A young samurai stood at the Shrine of Seven Fortunes, his
heart and body wracked in fatigue. He
had prayed the whole day hoping that it would cleanse him of his nightmares, but
he knew in his heart that the ordeal was far from over. With daylight quickly
fading he headed home.
Save for the melody of the chirping crickets, the dojo
stood quiet and empty. Heading to
the practice area and drew his swords. They
hung at his sides and he stood unmoving. With
a start his blades flashed, moving with fluidity and purpose, striking at the
imaginary enemies. As the kata
winded down, a look of frustration creased his face.
Though the form looked flawless, he knew it was far from
it. He overextended his strikes and
left openings that any skilled swordsman would have exploited.
His concentration was lacking and it showed.
He waited almost expecting harsh criticisms, but none came.
The spirit that guided him was not here.
He had not felt its presence since the dreams began. He snorted in disgust. Had
he failed his guardian as well?
A small but subtle noise came from behind him.
Startled he spun with swords in hand.
Instantly he felt off balanced and with a crack hit the ground.
Peering up he saw his own blade at his throat.
At the other end of the blade he saw a familiar smile.
He got up and bowed, accepting back his sword.
He knew she was a great swordsman, yet he could not help but feel a bit
humiliated that it was taken so easily. He
swore that it would never happen again.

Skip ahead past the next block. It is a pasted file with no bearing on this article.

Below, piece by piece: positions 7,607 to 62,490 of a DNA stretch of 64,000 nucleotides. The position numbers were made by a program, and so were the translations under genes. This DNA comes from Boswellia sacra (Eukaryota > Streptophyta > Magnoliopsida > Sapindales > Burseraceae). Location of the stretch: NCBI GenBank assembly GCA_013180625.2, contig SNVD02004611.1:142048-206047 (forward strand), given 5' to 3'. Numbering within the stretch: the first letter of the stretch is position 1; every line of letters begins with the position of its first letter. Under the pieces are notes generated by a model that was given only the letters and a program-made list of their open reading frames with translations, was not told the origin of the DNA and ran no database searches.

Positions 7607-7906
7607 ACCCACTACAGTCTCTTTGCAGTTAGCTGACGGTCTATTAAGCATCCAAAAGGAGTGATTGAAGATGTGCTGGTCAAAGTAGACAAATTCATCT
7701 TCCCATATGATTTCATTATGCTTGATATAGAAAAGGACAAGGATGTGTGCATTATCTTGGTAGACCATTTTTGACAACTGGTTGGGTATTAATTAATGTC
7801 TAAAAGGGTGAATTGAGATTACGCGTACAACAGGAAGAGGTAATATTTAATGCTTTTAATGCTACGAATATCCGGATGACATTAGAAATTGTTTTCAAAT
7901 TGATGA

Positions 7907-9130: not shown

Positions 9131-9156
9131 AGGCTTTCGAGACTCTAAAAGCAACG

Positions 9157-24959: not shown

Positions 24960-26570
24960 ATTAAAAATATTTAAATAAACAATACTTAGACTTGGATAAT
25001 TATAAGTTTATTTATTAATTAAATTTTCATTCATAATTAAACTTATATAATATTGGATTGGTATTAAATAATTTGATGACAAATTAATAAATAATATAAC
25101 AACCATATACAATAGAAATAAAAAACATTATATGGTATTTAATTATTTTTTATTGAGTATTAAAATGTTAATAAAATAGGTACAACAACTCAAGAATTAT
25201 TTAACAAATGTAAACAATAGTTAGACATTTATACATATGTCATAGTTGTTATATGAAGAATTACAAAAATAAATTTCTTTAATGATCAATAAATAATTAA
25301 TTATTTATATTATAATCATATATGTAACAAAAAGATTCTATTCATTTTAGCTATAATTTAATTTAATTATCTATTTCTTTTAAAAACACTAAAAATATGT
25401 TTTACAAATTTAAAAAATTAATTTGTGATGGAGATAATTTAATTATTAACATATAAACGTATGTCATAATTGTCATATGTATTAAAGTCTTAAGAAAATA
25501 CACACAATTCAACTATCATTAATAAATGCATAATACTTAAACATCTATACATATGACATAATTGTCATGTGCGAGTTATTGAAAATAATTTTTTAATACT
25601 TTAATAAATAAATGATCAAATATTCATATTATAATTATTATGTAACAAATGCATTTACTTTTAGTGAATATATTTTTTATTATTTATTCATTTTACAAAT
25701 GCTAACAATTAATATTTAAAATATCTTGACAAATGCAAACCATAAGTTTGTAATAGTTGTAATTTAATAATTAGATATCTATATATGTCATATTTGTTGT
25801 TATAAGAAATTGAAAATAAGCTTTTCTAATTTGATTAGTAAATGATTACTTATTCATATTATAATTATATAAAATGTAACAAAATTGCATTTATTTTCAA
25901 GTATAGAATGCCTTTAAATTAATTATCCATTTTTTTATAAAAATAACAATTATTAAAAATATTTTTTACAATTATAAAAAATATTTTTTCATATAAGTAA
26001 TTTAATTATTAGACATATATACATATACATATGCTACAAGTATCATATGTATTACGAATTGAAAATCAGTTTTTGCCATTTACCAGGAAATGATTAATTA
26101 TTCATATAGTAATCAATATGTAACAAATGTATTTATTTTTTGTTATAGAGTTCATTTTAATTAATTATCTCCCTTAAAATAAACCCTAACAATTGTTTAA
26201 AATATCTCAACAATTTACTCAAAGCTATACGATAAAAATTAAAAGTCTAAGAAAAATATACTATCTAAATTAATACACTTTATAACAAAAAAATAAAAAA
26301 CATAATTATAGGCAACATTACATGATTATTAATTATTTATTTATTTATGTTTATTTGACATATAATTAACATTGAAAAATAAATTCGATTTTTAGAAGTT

“Your thoughts are scattered, Tenryuu-san.
Do your dreams still haunt you?”
“They are nothing more than dreams, sensei.” He said
defensive than he had planned.
Her eyes lightened, “Do you think you can hide such an
obvious thing? Perhaps the Kitsuki
family has been overrated in their ability of observation?
Or perhaps you think yourself a scorpion, enamored in its secrets?
No, it is plain to see even to those who no longer have eyes.”
“Sensei-sama…. I met no disrespect.
I just did not wish to burden you with such trivial matters.”
A gentle laugh left her lips and for a moment he felt some
relief. “A burden shared is a burden lightened. Explain to me what haunts you while you sleep and perhaps we
can find an answer to this riddle.”
proceeded to tell her of his dreams. Of
being lost in the storm and of the great dragon that spoke to him with words he
could not understand. The feeling
of helplessness as the pain overwhelmed him, night after night.
She listened to every word.
Though her face showed no trace of movement or concentration, she heard
every nuance. Saw every gesture he
made no matter how small. In but a
small moment she knew more about the pain he felt than even he could realize.
After he finished. She paused for but a moment as if in thought.
“I have heard of something like this happening before.
I suspect your case is very similar.
You shall leave tonight.”
In shock he barely whispered, “To where, Sensei?”
“Travel to Heaven’s Spire, I believe you shall find
your answers there.”
“But only the ise zumi go there… it is haunted.” He said, then felt ashamed. Before he came to the dojo the ise zumi were very kind to him. In many ways his only friends.
To be continued…..